Albert passed away in August 2012
Jill and Irene
‘It started about threeyears ago when my mother’s speech started to go. She would get frustrated; sheknew what she wanted to say but couldn’t remember the words. We took her to thedoctor but they weren’t very helpful, they started to do a few memory tests butit was so slow going we didn’t get anywhere. It actually took about two yearsbefore she got to see a consultant and realised that because of the drink shehad developed dementia. It’s a specific type of dementia caused by the effectalcohol has on the brain. She had various tests and it was deemed she had to gointo a home for her own safety. There was a lot of guilt for me about takingher from her own home and into a nursing home, guilt that you’re doing theright thing. I feel sorry for her really because of her quality of life; if Ivisited her more it would be better. I’m not there for her.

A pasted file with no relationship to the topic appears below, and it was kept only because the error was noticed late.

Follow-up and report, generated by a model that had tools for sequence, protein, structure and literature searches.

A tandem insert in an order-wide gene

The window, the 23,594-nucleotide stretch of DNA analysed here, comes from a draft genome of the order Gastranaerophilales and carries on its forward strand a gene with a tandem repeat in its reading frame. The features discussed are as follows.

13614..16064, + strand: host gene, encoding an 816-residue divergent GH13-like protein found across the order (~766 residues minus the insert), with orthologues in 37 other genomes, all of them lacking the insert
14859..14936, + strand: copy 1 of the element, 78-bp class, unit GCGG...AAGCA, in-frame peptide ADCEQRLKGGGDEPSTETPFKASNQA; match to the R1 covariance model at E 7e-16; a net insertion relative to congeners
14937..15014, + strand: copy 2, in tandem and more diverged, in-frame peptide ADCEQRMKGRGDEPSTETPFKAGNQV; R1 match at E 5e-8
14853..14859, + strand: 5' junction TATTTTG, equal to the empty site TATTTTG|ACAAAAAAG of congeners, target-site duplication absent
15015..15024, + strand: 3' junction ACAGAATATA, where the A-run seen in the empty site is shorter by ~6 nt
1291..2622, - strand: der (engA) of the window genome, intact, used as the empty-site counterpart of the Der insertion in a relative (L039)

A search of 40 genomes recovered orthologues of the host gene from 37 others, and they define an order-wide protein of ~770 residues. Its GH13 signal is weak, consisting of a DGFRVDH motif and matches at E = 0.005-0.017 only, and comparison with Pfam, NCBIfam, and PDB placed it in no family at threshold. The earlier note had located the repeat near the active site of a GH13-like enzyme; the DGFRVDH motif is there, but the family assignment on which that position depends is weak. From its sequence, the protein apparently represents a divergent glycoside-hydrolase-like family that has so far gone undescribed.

The hardest thing initially wasgetting the support from the GP. I’m a nurse but it must be really hard forfamilies if you have no medical knowledge of it at all. It’s difficult becauseit’s one of those things where there’s nothing you can do to stop it. Peopleneed to know that they are not going to recover- it’s not something that youget better from, it will only get worse. The hardest thing now to come to termswith is the loss, the loss of my mum-they are there but they’re not there arethey? In effect I have lost her and her support. I don’t think I’ve lost herlove yet, she’s still there for that, I think she can still display it, shestill recognises me and she will give me a hug and a kiss. It’s just the othercontact, the conversation with her that I’ve lost. The most painful time was justbefore Christmas, we went to see her and she was so good and so happy, so Isaid “we’ll take you out in the car.” Got her in the car, took her out and itwas lovely. We got back along the road just before we got to the nursing home,started to turn in and she recognised it and she started to howl in the car. Notjust cry, she was howling as soon as she recognised the home; it must have beenwhen she realised she was going back. I couldn’t get her out of the car forabout five minutes - she just would not move, she just sat there and howled andhowled. Eventually I persuaded her to get out and got her in the wheelchair; Itook her back into the home and up to her room. She howled the whole way there.I couldn’t do anything with her. It was awful, I felt absolutely drained. Shewas so upset. But although I feel awful that’s she’s in the home all the timeand not getting out, I’m never going to take her out again because that timewas so upsetting for us both. It’s not worth taking her out- that howling wasnever my mother.’